How David Bowie’s name change was inspired by Norwich City College band

Peter Jay at the Hippodrome Circus in Great Yarmouth. Picture: James Bass Picture: James Bass Copy

Peter Jay at the Hippodrome Circus in Great Yarmouth. Picture: James Bass Picture: James Bass Copy: Stacia Briggs For: EDP2 Eastern Daily Press © 2010 (01603) 772434 - Credit: Eastern Daily Press © 2010

He leaves a legacy of music across the globe – from Ibiza to the Norfolk Broads, just as he sang on Life On Mars.

1960s band The Raiders who played a gig with a young David Bowie in 1964 at the Royal Hotel in Lowes

1960s band The Raiders who played a gig with a young David Bowie in 1964 at the Royal Hotel in Lowestoft. Photo: Submitted - Credit: Submitted

And as East Anglia paid tribute to David Bowie, his many connections to the region were fondly remembered.

Some lucky readers may recall the Thin White Duke's sellout gig at Norwich Theatre Royal in 1973, shortly after the release of Hunky Dory and Ziggy Stardust.

Fewer people will know that Bowie had changed his name to David Jay before he found wider fame, inspired by the band Peter Jay and the Jaywalkers who were formed at Norwich City College.

Peter Jay now runs the Hippodrome Circus in Great Yarmouth.

David Bowie fans have laid flowers outside the former Orford Cellar in Norwich where he once played.

David Bowie fans have laid flowers outside the former Orford Cellar in Norwich where he once played. PHOTO BY SIMON FINLAY - Credit: SIMON FINLAY

And one man recalled how David Bowie asked to join his band at a 1964 Lowestoft gig – and was snubbed.

Rod Scott, 70, from Beyton, near Bury St Edmunds, in Suffolk, played bass in The Raiders in the early sixties and performed at a concert with the then David Jones, aged 17, who was part of a band called The Riot Squad.

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Mr Scott said: 'The Riot Squad seemed to be a band that changed members more often than they changed their socks.

'They were quite raucous and rough and ready.

David Bowie, who has died following an 18-month battle with cancer. Press Association photo: Yui Mok

David Bowie, who has died following an 18-month battle with cancer. Press Association photo: Yui Mok/PA Wire - Credit: PA

'David was very well spoken. After the gig he asked if he could join our band.'

However, Mr Scott's band mate Brian Seaman turned him down as they already had enough members.

Peter Wilson, chief executive of Norwich Theatre Royal, described Bowie's appearance at the city venue as a 'tremendous coup'.

Bowie appeared as Ziggy Stardust in May 1973, performing in two concerts as part of the theatre's Superstar Carnival Week – which also featured Jimmy Tarbuck and Monty Python's Flying Circus.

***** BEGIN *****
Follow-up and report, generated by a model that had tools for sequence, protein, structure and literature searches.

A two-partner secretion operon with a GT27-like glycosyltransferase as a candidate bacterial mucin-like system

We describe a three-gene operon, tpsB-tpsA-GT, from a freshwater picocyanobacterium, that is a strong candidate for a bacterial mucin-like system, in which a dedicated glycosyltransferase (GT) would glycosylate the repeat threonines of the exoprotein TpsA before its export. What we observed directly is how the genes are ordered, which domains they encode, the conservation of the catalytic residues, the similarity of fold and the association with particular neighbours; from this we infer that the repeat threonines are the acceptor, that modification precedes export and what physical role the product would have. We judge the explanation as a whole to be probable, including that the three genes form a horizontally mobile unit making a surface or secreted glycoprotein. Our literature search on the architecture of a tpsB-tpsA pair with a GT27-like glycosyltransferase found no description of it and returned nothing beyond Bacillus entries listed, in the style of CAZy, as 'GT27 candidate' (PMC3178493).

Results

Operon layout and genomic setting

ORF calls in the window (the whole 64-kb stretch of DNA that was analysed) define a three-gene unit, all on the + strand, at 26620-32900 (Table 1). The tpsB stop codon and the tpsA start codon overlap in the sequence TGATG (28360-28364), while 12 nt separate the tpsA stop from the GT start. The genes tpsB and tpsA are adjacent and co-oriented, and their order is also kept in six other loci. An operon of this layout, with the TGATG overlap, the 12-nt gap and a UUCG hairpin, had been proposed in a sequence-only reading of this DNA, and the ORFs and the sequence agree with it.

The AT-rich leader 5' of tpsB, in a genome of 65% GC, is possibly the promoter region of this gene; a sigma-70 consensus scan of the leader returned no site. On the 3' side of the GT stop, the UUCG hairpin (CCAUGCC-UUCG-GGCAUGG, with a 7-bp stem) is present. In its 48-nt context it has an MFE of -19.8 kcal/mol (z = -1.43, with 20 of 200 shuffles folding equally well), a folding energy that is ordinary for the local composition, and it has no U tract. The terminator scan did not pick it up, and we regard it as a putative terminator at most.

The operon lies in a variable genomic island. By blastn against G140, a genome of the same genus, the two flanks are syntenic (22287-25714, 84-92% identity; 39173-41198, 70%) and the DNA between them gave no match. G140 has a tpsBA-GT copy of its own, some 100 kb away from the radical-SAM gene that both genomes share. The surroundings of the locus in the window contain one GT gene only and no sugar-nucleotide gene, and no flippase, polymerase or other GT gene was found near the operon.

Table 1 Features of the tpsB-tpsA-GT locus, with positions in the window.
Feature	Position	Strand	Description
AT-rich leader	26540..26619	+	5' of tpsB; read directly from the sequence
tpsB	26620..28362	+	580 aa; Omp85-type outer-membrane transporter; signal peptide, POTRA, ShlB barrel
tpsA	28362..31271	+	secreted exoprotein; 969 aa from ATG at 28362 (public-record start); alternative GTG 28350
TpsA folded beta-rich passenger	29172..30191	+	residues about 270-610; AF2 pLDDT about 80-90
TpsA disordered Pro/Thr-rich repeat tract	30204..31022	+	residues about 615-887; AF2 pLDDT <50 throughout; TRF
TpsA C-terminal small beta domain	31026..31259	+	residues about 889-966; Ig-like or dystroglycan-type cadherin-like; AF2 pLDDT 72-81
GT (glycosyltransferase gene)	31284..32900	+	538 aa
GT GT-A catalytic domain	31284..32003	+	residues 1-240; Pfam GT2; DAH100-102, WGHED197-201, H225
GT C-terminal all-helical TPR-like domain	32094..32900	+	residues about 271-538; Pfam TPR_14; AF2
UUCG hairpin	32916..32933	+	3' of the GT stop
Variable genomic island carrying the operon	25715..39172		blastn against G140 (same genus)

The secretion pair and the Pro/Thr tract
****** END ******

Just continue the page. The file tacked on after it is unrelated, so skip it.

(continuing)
'There was a huge demand for Bowie tickets with people queuing right down to the city's Woolworths store – now Marks and Spencer – to try to secure seats,' he said.

'Theatre staff at the time also reported touts outside the building selling tickets for at least double the value to people desperate to see him on stage while in his Ziggy Stardust phase.'

Hethersett man Peter Steward, 63, was at the gig and said he remembered it as special – as it came at the height of Bowie's fame, before his so-called Berlin period that some fans struggled with.

Bowie also performed at the former Orford Cellar in Red Lion Street, Norwich during the 1960s.

Others to play the venue included Jimi Hendrix, Rod Stewart, Eric Clapton and Elton John, and this is commemorated with a blue plaque.

Musician Rick Wakeman, who lives near Diss, played the piano on Life on Mars and other Bowie tracks.

Mr Wakeman, who is the former keyboardist in prog rock band Yes, said: 'As I'm sure you can imagine I'm gutted hearing of David's passing.

'He was the biggest influence and encouragement I could ever have wished for.'

Yesterday fans paid their respects at Norwich Arts Centre as the music venue played Bowie songs all afternoon.

Pasco Kevlin, director of the arts centre, said: 'When I heard the news I just needed to sit somewhere and mark the day by listening to Bowie on some big speakers.

'When I came in and saw the faces of my staff, I knew that they needed to do that too, so this was my way of helping my fellow fans grieve.

Sarah Lascelles, 33 of Norwich, whose favourite track is John, I'm Only Dancing, was there.

'He could break boundaries like nobody else could,' she said. 'Even his latest album did that, so he was doing it right until the end.'

Poppy Marriott, 18, whose favourite song is Heroes, said: 'I was brought up on him and he's heavily influenced me as a person.

'His music has helped me through so much.'

Bowie also visited the region in 1967 with a gig at the Assembly Rooms in Church Street, Framlingham as lead singer of The Riot Squad.

And former chamber maid Sarah Kings has an unusual memory of Bowie's visit to Norwich in 1973.

Miss Kings, of Ashby St Mary, worked in the Post House hotel in Hall Road at the time.

She managed to get hold of one of Bowie's make-up stained towels as a memento, cutting it in half with a colleague for each to treasure.

But the 59-year-old lost it after several house moves.

'I'm devastated,' she said.

Tell us your memories and thoughts on David Bowie's death. Write to Letters Editor, Prospect House, Rouen Road, Norwich NR1 1RE or email edpletters@archant.co.uk